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Food Addit Contam Part A Chem Anal Control Expo Risk Assess. 2018 Jan;35(1):40-48. doi: 10.1080/19440049.2017.1401737. Epub 2017 Nov 22.

Predictive modelling of the exposure to steviol glycosides in Irish patients aged 1-3 years with phenylketonuria and cow's milk protein allergy.

Author information

1
a UCD Institute of Food and Health, School of Agriculture and Food Science , University College Dublin , Dublin , Republic of Ireland.
2
b Creme Global , Dublin , Republic of Ireland.

Abstract

Children with Phenylketonuria (PKU) and severe cow's milk protein allergy (CMPA) consume prescribed, specially formulated, foods for special medical purposes (FSMPs) as well as restricted amounts of normal foods. These patients are exposed to artificial sweeteners from the consumption of a combination of free and prescribed foods. Young patients with PKU and CMPA have a higher risk of exceeding acceptable daily intakes (ADI) for additives than age-matched healthy children. A predictive modelling approach has been adapted successfully to assess the additive exposure of young patients with PKU and CMPA to artificial sweeteners. Steviol glycosides (E960) are at various stages of regulatory approval for the various food categories in the EU but are not as yet permitted for use in products intended for young children. The aim of this study was to predict potential steviol glycoside exposure in young children with PKU and CMPA considering the potential for future provisions for the use of this sweetener. The recent introduction of steviol glycosides means that no exposure data are available for children with CMPA and PKU. Food consumption data were derived from the food consumption survey data of healthy young children in Ireland from the National Preschool and Nutrition Survey (NPNS, 2010-11). Specially formulated amino acid-based FSMPs are used to replace whole or milk protein foods and were included in the exposure model to replace restricted foods. The recommendations to ensure adequate protein intake in these patients were used to determine FSMP intake. Exposure assessment results indicated that the maximum permitted level (MPL) for FSMPs would warrant careful consideration to avoid exposures above the ADI. These data can be used to inform recommendations for the medical nutrition industry.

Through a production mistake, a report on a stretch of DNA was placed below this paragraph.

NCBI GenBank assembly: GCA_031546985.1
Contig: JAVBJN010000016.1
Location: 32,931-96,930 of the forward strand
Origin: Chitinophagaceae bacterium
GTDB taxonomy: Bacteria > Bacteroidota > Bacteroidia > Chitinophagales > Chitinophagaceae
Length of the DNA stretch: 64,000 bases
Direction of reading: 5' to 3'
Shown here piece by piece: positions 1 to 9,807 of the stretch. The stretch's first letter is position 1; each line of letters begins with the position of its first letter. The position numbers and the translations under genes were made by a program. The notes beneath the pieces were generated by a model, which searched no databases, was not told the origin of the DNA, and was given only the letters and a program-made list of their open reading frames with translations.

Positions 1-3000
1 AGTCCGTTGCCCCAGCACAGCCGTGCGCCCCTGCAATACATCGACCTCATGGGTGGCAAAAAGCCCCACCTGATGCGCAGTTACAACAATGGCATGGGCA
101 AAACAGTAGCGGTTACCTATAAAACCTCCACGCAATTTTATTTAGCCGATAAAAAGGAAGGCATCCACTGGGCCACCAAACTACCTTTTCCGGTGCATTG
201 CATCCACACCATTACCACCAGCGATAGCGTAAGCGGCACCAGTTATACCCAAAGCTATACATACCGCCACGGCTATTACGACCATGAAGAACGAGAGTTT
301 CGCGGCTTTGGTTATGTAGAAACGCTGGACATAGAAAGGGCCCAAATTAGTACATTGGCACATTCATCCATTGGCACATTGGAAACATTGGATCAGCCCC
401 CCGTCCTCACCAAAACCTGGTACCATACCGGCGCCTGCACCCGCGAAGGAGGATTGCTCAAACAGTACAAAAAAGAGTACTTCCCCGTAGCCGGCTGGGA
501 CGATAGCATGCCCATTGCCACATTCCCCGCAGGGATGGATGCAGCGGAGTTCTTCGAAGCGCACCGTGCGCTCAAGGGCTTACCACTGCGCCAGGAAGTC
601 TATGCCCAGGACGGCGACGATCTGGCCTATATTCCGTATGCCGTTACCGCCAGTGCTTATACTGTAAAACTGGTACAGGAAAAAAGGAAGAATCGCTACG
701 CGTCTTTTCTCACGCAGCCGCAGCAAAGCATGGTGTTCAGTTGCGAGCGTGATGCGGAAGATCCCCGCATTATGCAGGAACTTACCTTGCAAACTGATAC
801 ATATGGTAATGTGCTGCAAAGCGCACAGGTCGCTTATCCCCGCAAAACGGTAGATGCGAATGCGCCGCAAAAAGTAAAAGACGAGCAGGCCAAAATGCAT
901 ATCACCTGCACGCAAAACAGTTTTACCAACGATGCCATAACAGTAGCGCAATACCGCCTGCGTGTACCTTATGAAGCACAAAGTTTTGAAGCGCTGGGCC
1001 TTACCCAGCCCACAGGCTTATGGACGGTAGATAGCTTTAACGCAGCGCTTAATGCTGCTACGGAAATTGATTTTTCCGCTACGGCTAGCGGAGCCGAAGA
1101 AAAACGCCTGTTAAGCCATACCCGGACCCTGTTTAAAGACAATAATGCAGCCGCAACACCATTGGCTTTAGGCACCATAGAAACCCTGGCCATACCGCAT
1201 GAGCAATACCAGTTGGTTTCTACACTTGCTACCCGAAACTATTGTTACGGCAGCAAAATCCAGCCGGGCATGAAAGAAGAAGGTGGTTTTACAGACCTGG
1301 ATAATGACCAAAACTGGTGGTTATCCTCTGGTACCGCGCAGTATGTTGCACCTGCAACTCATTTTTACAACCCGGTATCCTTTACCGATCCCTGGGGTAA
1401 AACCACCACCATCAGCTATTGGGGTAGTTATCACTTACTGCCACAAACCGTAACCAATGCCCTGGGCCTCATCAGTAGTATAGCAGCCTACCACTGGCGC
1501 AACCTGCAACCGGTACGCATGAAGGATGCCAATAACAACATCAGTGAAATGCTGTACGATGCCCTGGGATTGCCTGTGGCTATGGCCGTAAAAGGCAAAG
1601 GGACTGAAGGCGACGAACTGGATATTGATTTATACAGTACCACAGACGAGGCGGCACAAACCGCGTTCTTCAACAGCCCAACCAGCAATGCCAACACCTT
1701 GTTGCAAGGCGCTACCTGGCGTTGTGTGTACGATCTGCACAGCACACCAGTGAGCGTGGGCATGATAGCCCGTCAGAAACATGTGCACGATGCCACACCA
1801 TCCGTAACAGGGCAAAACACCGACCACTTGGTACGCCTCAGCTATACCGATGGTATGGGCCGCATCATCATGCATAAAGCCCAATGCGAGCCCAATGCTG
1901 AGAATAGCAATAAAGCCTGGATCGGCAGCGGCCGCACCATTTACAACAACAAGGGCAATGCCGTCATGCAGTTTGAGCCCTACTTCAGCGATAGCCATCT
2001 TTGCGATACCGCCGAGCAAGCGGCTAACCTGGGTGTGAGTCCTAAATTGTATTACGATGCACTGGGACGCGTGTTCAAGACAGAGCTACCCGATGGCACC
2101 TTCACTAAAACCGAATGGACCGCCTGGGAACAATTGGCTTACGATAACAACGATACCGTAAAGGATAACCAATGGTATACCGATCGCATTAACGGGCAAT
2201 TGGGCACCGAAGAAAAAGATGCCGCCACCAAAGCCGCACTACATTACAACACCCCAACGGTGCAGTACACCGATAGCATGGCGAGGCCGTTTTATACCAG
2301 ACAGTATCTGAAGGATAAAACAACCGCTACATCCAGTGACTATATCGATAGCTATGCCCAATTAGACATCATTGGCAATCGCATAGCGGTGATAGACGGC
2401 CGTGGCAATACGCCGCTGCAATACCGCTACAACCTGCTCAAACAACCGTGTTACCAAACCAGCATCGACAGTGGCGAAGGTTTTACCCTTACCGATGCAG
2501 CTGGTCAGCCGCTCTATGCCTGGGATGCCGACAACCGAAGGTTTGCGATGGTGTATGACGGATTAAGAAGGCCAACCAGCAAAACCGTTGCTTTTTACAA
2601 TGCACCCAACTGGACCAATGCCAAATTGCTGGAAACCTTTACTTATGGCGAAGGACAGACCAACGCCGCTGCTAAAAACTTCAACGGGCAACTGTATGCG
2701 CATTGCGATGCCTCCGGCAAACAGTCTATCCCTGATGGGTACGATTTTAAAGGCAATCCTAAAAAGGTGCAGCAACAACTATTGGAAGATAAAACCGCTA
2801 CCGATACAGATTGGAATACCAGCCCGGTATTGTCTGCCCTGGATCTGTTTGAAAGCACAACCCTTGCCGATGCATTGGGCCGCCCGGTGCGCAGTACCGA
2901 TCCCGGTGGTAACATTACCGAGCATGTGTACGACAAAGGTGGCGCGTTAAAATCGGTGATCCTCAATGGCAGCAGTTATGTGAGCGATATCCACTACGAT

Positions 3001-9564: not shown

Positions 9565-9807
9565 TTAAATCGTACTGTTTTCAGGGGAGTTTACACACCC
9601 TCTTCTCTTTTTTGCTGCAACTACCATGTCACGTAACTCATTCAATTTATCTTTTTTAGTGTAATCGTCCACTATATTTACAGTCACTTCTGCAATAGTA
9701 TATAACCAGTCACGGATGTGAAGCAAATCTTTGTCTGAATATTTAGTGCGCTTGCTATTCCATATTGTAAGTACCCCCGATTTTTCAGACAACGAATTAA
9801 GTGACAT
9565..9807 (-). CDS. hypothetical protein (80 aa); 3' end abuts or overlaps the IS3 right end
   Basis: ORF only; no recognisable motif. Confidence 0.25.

KEYWORDS:

CMPA; Predictive modelling; artificial sweeteners; children; cows’ milk protein allergy; exposure assessment; foods for special medical purposes; phenylketonuria; stevia; steviol glycosides

PMID:
29111886
DOI:
10.1080/19440049.2017.1401737
[Indexed for MEDLINE]

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